Many of us have pets in our homes – whether it be dogs, cats, gerbils, fish, or all of the above. When we discover a pest problem such as ants, roaches, or even squirrels, it’s important to first consider the implications of pest treatment for our beloved pets. Before you run out to a local hardware store for pest control products – keep your pet(s) in mind and learn what would be safe to use around them. If the pest problem is small, then there are safe ways to take care of the issue yourself. For those nasty pest problems though, consult your local pest control company since they have trained technicians to take care of the problem safely.

If you decided to call your local pest control based on your specific pest issue, make sure that you let them know exactly what type and how many pet(s) you have. A small dachshund could easily crawl its’ way through a hole made by a squirrel, but a rottweiler won’t have the same such luck. So based on your information, your technician will be able to advise you on what to do with your pet during the treatment, and possibly provide alternative treatments that are pet-friendly.

Cleggs’s article about pet-friendly solutions explained, “In some cases, exterminators can apply pest control substances that are not toxic, or at least not toxic to any species but the pests they target. In other cases, pest removal pros may be able to use preventive techniques, such as sealing holes, cleaning gutters or drying damp areas to reduce the risk of future infestations, and therefore limit the need for pest control chemicals to be applied.”

When a treatment plan has been decided on, ask your technician what you should do with your pet(s) when treatment is being done, and then for aftercare. Typically, hamsters, gerbils, fish, or other small pets that live in smaller containers can simply be moved to a different room, thus being closed off from the treated area. For dogs and cats, it can depend on the type of treatment. Sometimes, they can simply be closed off from the area during treatment and whenever the product has dried, other times it’s safer to place your pet at a friend’s house.

If you have a small pest problem that you want to take care of yourself, you can search for pet-friendly pest control products. Researching online and checking different products can show brands that are child, environmental, and pet-safe, such as this pesticide product. Whatever product you chose, ensure you read the instructions and warnings clearly to ensure you’re using the product correctly.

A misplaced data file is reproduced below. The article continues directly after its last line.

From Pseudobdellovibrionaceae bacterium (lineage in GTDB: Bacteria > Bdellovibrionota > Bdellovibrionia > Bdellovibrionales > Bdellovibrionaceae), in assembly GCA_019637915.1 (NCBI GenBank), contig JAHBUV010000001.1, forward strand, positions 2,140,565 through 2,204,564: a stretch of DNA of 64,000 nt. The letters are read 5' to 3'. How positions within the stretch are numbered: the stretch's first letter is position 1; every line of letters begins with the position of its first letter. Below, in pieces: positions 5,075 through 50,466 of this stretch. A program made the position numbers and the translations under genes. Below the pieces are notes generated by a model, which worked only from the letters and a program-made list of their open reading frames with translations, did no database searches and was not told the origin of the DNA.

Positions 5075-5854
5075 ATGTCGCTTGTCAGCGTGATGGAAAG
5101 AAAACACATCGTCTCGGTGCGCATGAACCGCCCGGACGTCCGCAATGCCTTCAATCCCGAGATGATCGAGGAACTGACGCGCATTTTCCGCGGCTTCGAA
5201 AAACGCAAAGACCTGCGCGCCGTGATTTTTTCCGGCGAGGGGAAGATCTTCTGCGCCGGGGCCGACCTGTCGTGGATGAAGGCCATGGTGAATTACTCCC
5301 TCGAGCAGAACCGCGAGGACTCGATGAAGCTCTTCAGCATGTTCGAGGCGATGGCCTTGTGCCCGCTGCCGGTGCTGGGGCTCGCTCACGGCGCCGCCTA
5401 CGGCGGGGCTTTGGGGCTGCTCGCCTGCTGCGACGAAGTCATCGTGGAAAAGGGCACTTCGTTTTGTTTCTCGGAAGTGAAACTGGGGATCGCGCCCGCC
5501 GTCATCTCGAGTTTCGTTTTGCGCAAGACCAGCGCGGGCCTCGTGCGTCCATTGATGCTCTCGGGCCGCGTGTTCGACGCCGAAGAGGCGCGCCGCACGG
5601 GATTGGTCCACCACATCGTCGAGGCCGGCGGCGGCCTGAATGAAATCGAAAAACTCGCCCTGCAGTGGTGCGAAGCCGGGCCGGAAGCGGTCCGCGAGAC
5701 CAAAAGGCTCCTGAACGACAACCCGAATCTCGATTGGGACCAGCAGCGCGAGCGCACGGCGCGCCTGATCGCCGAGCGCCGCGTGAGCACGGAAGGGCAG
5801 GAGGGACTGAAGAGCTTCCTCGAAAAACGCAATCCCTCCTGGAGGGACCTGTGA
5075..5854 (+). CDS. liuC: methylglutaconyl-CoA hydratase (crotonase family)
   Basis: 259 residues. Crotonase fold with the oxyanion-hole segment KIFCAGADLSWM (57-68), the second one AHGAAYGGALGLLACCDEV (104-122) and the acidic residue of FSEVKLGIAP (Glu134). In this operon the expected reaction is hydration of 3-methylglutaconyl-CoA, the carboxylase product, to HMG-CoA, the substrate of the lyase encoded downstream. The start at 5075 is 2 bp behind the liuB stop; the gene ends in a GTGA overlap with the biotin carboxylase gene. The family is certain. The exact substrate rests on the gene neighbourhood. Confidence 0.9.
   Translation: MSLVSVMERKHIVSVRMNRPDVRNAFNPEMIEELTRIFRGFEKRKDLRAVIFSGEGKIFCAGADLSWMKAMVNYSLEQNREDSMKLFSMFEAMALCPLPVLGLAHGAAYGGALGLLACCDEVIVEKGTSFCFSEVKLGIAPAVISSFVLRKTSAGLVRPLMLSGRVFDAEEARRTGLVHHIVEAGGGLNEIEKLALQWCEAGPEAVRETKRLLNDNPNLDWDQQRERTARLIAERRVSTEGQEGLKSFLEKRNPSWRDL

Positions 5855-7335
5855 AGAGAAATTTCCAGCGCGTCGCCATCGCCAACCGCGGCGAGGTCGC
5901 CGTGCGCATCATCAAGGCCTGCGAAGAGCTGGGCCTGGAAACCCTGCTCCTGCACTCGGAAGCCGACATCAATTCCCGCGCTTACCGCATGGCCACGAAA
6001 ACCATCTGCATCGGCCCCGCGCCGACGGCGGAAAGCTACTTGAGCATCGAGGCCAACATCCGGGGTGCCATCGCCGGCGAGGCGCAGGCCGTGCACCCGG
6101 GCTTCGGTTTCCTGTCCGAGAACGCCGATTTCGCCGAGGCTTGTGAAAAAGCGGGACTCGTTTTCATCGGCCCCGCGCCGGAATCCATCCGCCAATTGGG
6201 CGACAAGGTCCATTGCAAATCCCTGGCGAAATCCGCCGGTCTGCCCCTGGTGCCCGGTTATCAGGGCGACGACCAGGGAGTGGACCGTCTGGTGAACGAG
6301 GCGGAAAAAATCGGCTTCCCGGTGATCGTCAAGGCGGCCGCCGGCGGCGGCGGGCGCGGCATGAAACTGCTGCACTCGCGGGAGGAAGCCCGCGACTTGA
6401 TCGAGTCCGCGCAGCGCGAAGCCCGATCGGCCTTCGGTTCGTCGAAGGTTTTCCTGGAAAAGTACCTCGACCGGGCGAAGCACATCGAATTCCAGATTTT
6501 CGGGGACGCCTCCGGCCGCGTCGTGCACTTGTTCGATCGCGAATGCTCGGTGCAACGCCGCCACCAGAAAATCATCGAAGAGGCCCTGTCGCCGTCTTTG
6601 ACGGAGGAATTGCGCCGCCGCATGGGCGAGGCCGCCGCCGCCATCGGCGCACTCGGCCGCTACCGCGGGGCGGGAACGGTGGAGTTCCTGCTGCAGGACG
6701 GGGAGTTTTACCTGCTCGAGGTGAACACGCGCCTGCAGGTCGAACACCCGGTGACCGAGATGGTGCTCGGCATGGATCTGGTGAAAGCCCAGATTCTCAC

If you notice a lot of mosquitoes when you go outside and receive those itchy bites, then they’re probably irritating your pet as well. Since we protect ourselves against mosquitoes, we should also protect our pets. PetMD wrote an article on pest repellent mistakes to avoid, one of which noted, “Don’t treat your pet with human pest repellent.” Though mosquito repellent seems safe for your pets because it’s safe on humans – it can be the harmful if it includes the ingredient, “DEET.” This ingredient can cause neurological damage and potentially poison your pet if sprayed on them. Citronella candles are another substance to be weary of if you have household pets. Though it’s used to deter mosquitoes, this can cause respiratory and irritation if your pet breathes in the fumes from the candle. If citronella is wiped on their skin, if can cause similar side effects. To be safe, pet websites such as Petco offer products that not only repel fleas and ticks, but also mosquitoes.

If pests haven’t managed to get inside your house, you can still take precautions to keep them outside. According to RaidKillsBugs, you check prime hiding places that pests love to come in through and hide in. In your kitchen, check behind appliances and underneath the sink for trouble areas. Check your baseboards for any cracks or crevices, since this could be an easy entrance for outside ants or roaches. If your furniture is against the wall, check behind it often, and then underneath furniture such as sofas. If you have child-proofed your cabinets and have a pantry to store food, these dark, cool places are pest favorites as well. (For an extra tip, making sure any pet or human food is sealed, since pests enjoy sharing any of your open food!)

Lastly, you can consult the National Pesticide information center’s website if you have additional concerns for your pets. Included on their website are tips to keep your pets safe before, during, and after pest treatment. For instance, before treatment is started, make sure you pick up and store any dog/cat toys, beds, and bowls. These items need to be kept away from the treatment area(s), since they could accidentally be coated in the treatment product. For fish, make sure their tanks are covered to prevent any liquid or vapors getting into the tank. If a fogger is being used, turn off the fish tank pump during use.

Taking these precautions is top priority to ensure your beloved pets are kept happy and healthy. If you have a pest problem, you or your local pest control company will be able to take care of it quickly and pet-friendly!

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